In the latest of our series of blogs on what makes a great charity website - we look at responsive technology.
A 2011 survey found that almost 50% of people accessing the internet were doing so on their mobile handsets – not surprising given the introduction of smart phones and other similar handsets. It therefore seems natural that any organisation should use this to their advantage by creating mobile friendly web pages – charities are no exception.
Charities need to keep up with today’s technology-led fundraising and we’ve rounded up some of the sites we think are already ahead of the trend.
Macmillan Cancer Support is a good example of a mobile website which is user friendly, enabling people to look at the website with ease – even when on the move.
By making a site specially designed for the use of a mobile phone, it means that it’s easier to use and navigate. This saves you having to trawl through a web page designed for a computer and avoids the difficulties caused by screen size. A mobile website can be made to function just as well and effectively as a normal website, still allowing people to donate.
Macmillan’s mobile web page makes giving donations easier than ever – making it so you can donate on the move. The information on the mobile web page is constantly updated like that of the normal web site and it’s easy to access, yet still gives you the option to change to the main site if you would prefer.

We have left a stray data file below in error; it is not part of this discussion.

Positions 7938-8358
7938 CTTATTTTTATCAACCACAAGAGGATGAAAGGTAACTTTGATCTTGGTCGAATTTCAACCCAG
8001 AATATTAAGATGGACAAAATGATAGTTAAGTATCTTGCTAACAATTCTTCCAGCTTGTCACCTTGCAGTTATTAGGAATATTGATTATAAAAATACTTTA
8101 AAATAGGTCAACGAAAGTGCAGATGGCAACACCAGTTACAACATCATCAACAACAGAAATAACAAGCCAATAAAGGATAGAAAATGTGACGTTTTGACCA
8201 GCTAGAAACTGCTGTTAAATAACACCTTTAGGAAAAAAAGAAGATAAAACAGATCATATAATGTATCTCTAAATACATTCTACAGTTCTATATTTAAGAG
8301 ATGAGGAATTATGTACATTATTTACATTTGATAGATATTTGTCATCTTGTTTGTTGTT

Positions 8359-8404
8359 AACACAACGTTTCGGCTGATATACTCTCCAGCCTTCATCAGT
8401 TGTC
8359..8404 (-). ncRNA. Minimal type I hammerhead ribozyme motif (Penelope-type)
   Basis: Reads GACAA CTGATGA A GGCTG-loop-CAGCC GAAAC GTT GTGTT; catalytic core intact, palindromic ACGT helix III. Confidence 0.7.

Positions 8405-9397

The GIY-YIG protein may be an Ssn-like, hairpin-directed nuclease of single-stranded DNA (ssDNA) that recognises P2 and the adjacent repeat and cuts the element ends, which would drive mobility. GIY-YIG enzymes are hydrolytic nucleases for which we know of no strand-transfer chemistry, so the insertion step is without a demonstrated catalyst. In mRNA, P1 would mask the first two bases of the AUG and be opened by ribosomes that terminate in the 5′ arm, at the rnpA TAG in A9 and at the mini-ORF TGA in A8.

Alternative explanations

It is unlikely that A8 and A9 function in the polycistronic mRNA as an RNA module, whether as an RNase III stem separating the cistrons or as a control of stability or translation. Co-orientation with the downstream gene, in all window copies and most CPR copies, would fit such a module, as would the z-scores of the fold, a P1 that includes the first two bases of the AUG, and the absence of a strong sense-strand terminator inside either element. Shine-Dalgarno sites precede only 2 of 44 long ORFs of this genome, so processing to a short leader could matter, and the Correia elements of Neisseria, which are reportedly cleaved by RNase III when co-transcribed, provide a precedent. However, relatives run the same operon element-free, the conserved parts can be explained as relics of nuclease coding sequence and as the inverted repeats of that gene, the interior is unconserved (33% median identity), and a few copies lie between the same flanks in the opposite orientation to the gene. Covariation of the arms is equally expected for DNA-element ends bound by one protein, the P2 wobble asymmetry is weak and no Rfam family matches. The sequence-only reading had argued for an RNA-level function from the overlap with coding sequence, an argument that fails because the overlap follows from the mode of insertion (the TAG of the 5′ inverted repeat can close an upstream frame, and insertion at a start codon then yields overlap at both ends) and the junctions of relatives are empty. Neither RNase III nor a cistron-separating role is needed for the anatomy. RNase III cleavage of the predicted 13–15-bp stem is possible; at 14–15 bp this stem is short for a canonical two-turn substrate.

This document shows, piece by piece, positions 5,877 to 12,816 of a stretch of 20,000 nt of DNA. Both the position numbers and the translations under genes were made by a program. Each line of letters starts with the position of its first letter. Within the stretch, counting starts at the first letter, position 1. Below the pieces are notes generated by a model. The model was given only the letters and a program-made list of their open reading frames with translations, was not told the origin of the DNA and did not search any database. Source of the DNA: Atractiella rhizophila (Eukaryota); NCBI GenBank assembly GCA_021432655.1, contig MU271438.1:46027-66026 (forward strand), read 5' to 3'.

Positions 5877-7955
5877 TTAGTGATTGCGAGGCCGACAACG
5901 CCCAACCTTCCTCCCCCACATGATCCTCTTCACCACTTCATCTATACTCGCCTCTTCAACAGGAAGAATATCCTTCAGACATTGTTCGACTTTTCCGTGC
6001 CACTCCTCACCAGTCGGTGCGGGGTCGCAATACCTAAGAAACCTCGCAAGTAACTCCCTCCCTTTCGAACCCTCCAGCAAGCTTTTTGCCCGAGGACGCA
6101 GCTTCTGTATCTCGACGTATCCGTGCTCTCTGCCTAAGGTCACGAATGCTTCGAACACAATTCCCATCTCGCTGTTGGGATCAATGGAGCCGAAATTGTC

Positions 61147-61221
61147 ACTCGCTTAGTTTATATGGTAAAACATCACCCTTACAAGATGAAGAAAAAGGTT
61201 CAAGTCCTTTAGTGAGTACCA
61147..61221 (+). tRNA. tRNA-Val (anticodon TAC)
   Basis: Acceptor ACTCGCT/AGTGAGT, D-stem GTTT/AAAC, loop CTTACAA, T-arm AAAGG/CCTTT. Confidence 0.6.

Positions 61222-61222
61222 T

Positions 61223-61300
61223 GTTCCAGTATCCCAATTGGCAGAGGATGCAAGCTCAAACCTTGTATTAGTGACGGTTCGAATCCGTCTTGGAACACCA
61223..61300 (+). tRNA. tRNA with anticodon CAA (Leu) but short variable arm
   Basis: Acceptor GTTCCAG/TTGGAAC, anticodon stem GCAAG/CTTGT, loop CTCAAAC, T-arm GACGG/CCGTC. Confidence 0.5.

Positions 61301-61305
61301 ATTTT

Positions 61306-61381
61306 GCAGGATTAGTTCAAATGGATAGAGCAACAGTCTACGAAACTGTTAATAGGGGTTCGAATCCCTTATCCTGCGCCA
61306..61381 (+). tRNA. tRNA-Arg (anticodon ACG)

Another great example of mobile technology are the WWF sites designed by Viget. Upon opening one of their mobile sites users are greeted with clear Donate and Adopt options as well as news and videos that are sized appropriately for the smaller screen. The charity has a number of international mobile responsive sites with panda.org highlighting campaign news and stories in a far clearer format than when viewing their main site through a mobile device.
Back in the UK, it’s easy to learn about The King’s Fund’s work to improve healthcare in England when you’re on the move thanks to their mobile site. News and links are clearly structured in one column so there’s no need to keep dragging the page across to see everything. The mobile site maintains the main site’s carousel of key stories which loop around at the top of the site.
The Charity Commission, the independent regulator of charities in England and Wales, has a mobile website of their own. Meaning while you’re looking to donate to a charity it’s easier to check details on your phone before making a decision to donate. You can immediately check if a charity is registered.
A study by Justgiving in April 2012 found that 36% of their traffic actually came through via mobile phones and it could be reasonable to assume that other charitable organisations have a similar experience.The overall aim of any website then, has to be to give people the best possible experience, irrespective of the device used to access the site and thus improve the likelihood of anyone donating to the cause.
It’s believed that in 2013 mobile web pages will have an even bigger impact in the way charity organisations raise their funds. So why not get on the bandwagon now and start raising more funds sooner rather than later?
Get in touch with your favourite charity websites and if you need any help with making your webpages more responsive drop us a line at email@example.com